The Life and Legacy of Abraham Maslow

Topics: Psychology, Maslow's hierarchy of needs, Abraham Maslow Pages: 7 (1401 words) Published: November 16, 2014
The Life and Legacy of Abraham Maslow
By: Jassmere D. Smith
Houston Community College

The Life and Legacy of Abraham Maslow
Young Maslow
Abraham Harold Maslow was born on April 1, 1908 in Manhattan, New York to Rose and Samuel Maslow. He had seven siblings; Abe Maslow, Hympe Maslow, Solly Maslow, Ruth Maslow, Sylvia Maslow, Lewis Maslow and Edith Maslow who had died as an infant. At an early age Maslow developed a strong mistrust of religion and became a proud atheist. Due to his scrawny physique and timid personality Maslow was a victim of anti-Semitism for most of his adolescent years; from being chased, cursed and even to having rock hurled at his head because he was Jewish. Sadly, anti-Semitism was not only implemented by his peers but also by his teachers who constantly belittle Maslow to be unintelligent. But that never stop Maslow because even though his parents were not intellectually oriented, they both valued a strong education. Maslow had very few friends, other than his cousin Will and he was full of so much resentment toward his mother for her not being the mother he longed so much for, so Maslow spent mostly all of his childhood at libraries or somewhere with his head in a book so, as a result he developed a passion for reading and knowledge. In January of 1922 Maslow attended Boys High School, which was ranked as one of Brooklyn’s top high schools. While attending his had many accomplishments; he was an officer in many academic clubs, he became an editor of the Latin magazine, and he also edited Principia; the school physics paper for a full year. As, Maslow bridged from his teens to his twenties he became athletically inclined in within those years Maslow was an enthusiastic tennis player and also became very fund of middle-distance running, softball, handball, and punch ball. College and Academic Career1

On September 28, 1926, Maslow attended the City College of New York. Maslow began legal studies at the Brooklyn law school in addition to his City College courses. Due to his dislike of it, he almost immediately dropped out of law school. So in the winter of 1927 he transferred to Cornell University in Ithaca, New York. But, after one semester due to his grades being so poor and the cost of tuition being so high he withdrew. And after he soon graduated from City College, and in the spring of 1928 he attended graduate school at the University of Wisconsin; where he decided to study psychology. After some time of dating Maslow and his first cousin Bertha was married on December 31 1928. Even though Bertha was still in high school at the time, she was still accepted into the University of Wisconsin as a special student. Maslow’s psychology training at University of Wisconsin was experimental-behaviorist. While, at Wisconsin he persuaded research that included investigating primate dominance behavior and sexuality. Maslow later wrote his master thesis on learning, retention, and reproduction of verbal material which wasn’t completed until summer of 1931 and was then awarded his master degree in psychology in October. At first he was ashamed of the thesis, so he had it removed from the psychology library and tore out of its catalog listing. But, due to Professor Carson admiring his research so much that he urged Maslow to submit it for publication and it was later published as two articles in 1934. A lot of his family life and experiences is what influenced most of his psychological ideas. While continuing research at Columbia University, he grew very close to one of Sigmund Freud’s early colleagues, Alfred Alder; who soon became one of his mentors (1935-1937). But, it was while he was under the mentorship of Ruth Benedict and Max Wertheimer that his groundbreaking psychological studies of self- actualization began. Maslow also took notes about Benedict and Wertheimer behavior as well. He also formulated other concepts like the hierarchy of needs, human motivation, humanistic psychology, positive...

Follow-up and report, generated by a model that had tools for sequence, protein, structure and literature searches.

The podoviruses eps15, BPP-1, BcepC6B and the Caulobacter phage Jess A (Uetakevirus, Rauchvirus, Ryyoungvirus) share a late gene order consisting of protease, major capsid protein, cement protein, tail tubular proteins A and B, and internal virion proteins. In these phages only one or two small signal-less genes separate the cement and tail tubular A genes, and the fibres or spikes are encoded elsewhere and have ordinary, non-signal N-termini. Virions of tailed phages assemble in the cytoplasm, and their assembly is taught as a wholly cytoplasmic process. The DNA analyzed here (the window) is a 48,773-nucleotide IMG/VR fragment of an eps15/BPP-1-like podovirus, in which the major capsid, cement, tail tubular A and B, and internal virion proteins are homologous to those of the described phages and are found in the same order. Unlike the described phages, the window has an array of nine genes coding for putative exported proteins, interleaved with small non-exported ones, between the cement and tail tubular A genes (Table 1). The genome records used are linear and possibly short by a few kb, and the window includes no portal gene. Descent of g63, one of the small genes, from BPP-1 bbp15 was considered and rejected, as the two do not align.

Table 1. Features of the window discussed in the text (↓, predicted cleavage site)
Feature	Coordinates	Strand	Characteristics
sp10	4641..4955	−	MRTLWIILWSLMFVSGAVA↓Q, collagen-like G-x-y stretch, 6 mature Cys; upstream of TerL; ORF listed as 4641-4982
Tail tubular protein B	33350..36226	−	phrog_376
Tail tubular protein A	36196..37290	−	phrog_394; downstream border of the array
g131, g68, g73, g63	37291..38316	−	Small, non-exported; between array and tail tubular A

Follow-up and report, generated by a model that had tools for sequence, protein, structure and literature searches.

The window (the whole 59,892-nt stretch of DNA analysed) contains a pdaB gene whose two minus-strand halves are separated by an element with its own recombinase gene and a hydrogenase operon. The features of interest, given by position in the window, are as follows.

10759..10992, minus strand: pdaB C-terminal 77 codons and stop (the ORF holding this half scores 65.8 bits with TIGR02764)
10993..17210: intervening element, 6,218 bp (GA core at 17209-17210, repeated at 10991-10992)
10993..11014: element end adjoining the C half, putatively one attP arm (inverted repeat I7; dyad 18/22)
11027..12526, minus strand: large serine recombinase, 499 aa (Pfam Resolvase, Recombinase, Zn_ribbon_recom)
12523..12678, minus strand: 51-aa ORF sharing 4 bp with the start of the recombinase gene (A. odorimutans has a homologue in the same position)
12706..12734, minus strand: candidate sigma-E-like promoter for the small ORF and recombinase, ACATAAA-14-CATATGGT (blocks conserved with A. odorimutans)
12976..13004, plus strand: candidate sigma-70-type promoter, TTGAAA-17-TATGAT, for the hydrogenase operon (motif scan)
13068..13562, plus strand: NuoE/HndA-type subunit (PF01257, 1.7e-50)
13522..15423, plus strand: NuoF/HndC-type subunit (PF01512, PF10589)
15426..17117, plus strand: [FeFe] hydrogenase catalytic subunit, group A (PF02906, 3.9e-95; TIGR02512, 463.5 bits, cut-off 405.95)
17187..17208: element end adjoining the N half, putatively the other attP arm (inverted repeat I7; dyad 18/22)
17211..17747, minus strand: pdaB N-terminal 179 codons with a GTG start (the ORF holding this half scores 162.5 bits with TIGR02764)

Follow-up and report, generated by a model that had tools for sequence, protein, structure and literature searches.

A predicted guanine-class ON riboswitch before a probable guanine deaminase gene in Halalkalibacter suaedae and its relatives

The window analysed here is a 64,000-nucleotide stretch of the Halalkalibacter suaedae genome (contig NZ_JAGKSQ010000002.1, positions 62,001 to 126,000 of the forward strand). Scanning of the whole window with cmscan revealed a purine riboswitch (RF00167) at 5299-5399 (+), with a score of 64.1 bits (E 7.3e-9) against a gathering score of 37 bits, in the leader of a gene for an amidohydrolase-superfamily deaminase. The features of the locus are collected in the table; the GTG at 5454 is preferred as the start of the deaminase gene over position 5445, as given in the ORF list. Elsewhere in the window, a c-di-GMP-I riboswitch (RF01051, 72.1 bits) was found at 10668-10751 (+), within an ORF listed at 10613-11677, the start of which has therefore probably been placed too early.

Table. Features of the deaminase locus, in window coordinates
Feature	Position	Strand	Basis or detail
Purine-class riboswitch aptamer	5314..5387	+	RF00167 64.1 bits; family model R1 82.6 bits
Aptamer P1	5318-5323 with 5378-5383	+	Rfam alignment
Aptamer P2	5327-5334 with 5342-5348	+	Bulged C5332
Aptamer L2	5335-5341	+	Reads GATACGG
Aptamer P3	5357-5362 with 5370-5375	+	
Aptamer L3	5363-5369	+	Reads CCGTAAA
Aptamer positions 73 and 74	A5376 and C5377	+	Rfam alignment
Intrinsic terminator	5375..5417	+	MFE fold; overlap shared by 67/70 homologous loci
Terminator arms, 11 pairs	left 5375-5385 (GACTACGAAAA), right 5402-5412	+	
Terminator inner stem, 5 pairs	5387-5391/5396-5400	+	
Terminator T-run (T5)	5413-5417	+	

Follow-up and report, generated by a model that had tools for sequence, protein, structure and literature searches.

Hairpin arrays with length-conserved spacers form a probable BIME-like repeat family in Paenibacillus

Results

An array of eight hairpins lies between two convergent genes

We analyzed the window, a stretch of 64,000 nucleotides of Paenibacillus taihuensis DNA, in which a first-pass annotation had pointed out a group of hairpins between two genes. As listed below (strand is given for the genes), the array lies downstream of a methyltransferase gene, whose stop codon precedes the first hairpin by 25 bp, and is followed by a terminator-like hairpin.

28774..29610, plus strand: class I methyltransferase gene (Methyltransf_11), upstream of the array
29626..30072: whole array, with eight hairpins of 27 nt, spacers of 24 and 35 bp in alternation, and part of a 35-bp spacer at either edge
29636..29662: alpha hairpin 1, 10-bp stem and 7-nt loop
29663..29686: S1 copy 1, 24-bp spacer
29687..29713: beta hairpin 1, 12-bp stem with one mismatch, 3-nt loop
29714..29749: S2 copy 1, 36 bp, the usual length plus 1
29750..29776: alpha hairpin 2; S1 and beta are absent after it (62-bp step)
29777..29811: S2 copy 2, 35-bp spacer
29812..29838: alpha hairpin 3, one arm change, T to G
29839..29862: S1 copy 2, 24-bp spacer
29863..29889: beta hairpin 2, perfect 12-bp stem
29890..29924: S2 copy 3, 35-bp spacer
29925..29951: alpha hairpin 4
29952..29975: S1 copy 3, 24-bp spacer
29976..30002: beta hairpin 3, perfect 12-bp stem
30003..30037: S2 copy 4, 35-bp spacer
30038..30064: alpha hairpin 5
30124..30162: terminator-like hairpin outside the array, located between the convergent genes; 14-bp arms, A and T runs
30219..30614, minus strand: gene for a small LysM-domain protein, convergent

References: Maslow, Abraham (1998). Toward a Psychology of Being. Wiley; 3rd edition
Hoffman, Edward (1988).The Right to be Human. Los Angeles: Tarcher Burton, N. (n.d).hide and seek. Psychology Today. Retrieved November 11, 2013, from www.psychologytoday.com/blog/hide-and-seek/201212/our-hierarchy-need Lester, D, Hvezda, J, Sullivan, S, Plourde, R (1983). Maslow Hierarchy of Needs and Psychological Health. The Journal of General Psychology, 109, 83-85
Brown, K, Cullen, C (2006). Maslow’s hierarchy of needs used to measure motivation for religious behavior, Mental Health, Religion & Culture, 99-108 Scholzel- Dorenbos, C, Meeuwen, E, Olde Rikkert, M (2010)Integrating unmet needs into dementia health- related quality of life research and care: Introduction of Hierarchy Model of Needs in Dementia, Aging and Mental Health, 113-119
Best, D, Day, E, McCarthy, T, Darlington, I, Pinchbeck, K, (2008) The Hierarchy of Needs and care planning in addiction services: What Maslow can tell us about addressing competing priorities? Addiction Research and Theory, 305-307
Abraham H. Maslow (1966). The Psychology of Science
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